Fed to keep the $85 billion monthly monetary stimulus active whilst USA GDP rises by 1.7%
As we mentioned in our Mind The Gap section and yesterday's Between The Lines section, all eyes were on the Fed Chairman Ben Bernanke as he conducted his FOMC statement. Did he disappoint? Well if you were looking for fireworks, or a diversion from the path he has set and resolutely stuck to, then yes. However, if you were expecting consistency then he served up exactly what the markets expected; no deviation from the previous script.
We could snip many parts of the FOMC statement to illustrate Bernanke and the committee's commitment to their current course, but we'll highlight this one paragraph as key, as it confirms the "no change" from the current set course agenda;
"To support a stronger economic recovery and to help ensure that inflation, over time, is at the rate most consistent with its dual mandate, the Committee decided to continue purchasing additional agency mortgage-backed securities at a pace of $40 billion per month and longer-term Treasury securities at a pace of $45 billion per month. The Committee is maintaining its existing policy of reinvesting principal payments from its holdings of agency debt and agency mortgage-backed securities in agency mortgage-backed securities and of rolling over maturing Treasury securities at auction. Taken together, these actions should maintain downward pressure on longer-term interest rates, support mortgage markets, and help to make broader financial conditions more accommodative."
USA GDP in surprise rise to 1.7%
Although not ranking as a high impact new event many analysts' attention centered on the GDP figures pre the FOMC statement. Despite being embargoed and market sensitive many commentators suspected that should FOMC suspect the number coming in below expectations, and some economists were predicting a print as low as 0.5%, then a radical change to the current Fed policy may emerge. Those suspicions disappeared as the print came in far better than most analysts' predictions.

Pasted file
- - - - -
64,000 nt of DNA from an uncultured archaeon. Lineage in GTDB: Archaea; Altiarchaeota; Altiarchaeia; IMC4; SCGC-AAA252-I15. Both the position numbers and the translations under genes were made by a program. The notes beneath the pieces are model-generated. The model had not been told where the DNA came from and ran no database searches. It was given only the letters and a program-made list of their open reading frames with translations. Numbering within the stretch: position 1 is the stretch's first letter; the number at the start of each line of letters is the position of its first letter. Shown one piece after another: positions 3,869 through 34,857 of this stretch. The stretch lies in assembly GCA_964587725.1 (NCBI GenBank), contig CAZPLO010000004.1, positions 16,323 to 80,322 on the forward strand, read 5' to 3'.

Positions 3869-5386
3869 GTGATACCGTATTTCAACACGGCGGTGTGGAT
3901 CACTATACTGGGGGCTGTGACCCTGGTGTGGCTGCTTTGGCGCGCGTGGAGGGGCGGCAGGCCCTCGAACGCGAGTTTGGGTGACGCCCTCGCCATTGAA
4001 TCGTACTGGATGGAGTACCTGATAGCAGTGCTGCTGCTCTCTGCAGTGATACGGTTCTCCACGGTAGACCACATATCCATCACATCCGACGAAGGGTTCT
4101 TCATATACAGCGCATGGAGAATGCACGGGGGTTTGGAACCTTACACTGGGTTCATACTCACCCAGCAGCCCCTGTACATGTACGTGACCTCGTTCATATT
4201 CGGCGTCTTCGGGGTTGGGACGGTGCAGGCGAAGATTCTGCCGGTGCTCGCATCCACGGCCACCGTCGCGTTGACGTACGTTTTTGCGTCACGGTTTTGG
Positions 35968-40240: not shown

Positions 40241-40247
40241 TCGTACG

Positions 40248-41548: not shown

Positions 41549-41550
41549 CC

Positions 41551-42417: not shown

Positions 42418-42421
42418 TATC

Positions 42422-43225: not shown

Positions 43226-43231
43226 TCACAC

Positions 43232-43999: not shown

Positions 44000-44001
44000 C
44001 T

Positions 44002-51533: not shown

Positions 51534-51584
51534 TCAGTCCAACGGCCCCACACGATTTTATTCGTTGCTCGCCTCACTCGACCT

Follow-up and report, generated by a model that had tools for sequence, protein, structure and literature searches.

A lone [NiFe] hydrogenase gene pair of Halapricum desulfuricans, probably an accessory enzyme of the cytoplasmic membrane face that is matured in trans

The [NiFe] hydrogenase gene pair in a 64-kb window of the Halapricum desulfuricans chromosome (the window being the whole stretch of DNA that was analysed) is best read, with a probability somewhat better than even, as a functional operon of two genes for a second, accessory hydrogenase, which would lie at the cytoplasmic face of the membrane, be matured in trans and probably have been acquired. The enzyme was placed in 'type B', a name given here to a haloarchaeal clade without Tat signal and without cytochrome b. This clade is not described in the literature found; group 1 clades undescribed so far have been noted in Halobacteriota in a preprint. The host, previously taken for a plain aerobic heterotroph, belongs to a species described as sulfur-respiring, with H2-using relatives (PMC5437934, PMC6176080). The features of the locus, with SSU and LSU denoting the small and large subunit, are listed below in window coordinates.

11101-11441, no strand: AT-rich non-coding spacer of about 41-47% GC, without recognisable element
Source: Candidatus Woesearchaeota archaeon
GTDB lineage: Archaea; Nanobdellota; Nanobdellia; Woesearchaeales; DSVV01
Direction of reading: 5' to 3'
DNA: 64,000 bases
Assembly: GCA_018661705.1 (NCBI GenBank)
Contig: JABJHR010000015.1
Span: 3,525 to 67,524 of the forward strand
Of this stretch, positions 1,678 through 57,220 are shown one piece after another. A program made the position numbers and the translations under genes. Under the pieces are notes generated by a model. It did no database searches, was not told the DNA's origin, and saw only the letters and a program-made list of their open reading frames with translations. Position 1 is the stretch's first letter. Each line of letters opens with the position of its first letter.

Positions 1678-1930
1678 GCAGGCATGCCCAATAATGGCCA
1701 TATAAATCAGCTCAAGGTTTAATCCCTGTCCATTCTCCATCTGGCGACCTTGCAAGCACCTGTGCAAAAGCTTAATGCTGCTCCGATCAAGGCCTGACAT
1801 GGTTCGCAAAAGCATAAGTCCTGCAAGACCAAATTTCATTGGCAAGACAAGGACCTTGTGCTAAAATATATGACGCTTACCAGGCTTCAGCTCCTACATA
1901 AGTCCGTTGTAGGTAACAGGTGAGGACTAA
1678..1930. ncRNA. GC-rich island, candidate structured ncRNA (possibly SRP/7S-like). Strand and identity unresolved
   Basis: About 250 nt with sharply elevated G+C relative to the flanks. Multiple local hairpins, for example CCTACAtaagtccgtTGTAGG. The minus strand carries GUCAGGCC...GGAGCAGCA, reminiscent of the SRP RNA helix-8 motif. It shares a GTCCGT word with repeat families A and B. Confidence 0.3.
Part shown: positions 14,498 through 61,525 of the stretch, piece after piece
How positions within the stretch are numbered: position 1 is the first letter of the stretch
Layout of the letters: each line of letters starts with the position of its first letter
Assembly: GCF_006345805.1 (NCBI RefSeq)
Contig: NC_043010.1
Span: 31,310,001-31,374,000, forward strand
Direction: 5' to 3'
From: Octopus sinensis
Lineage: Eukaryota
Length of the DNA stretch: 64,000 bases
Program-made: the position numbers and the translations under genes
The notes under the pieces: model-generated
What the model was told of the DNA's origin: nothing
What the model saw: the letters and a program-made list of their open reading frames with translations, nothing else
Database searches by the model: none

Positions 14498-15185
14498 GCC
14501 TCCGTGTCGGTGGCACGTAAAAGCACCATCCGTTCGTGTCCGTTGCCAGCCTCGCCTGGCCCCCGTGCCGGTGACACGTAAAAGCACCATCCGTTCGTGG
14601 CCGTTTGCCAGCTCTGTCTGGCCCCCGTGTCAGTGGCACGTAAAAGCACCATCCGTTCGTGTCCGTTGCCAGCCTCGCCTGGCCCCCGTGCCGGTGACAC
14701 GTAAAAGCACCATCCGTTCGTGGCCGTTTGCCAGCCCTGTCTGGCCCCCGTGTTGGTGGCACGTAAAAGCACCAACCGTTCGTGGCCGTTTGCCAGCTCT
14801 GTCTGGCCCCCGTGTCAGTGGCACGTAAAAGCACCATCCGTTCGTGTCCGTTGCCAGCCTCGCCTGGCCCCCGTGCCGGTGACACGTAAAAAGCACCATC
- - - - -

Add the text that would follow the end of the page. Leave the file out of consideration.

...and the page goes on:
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"Real gross domestic product; the output of goods and services produced by labor and property located in the United States, increased at an annual rate of 1.7 percent in the second quarter of 2013 (that is, from the first quarter to the second quarter), according to the "advance" estimate released by the Bureau of Economic Analysis. In the first quarter, real GDP increased 1.1 percent (revised). The Bureau emphasized that the second-quarter advance estimate released today is based on source data that are incomplete or subject to further revision by the source agency."
It wasn't all positive news with regards to the USA economy, mortgage applications have fallen by 4% to a two year low.
Despite the rising house prices in the USA, mortgage applications in the week ended July 26 fell nearly 4% to the lowest level in two years, according to data released Wednesday. The Mortgage Bankers Association said applications fell as purchase applications fell 3% and refinance applications dropped 4%. The drop comes as, per MBA numbers, the average interest rate for 30-year fixed-rate mortgages was unchanged at 4.58%.
Employment numbers in USA rise by 200K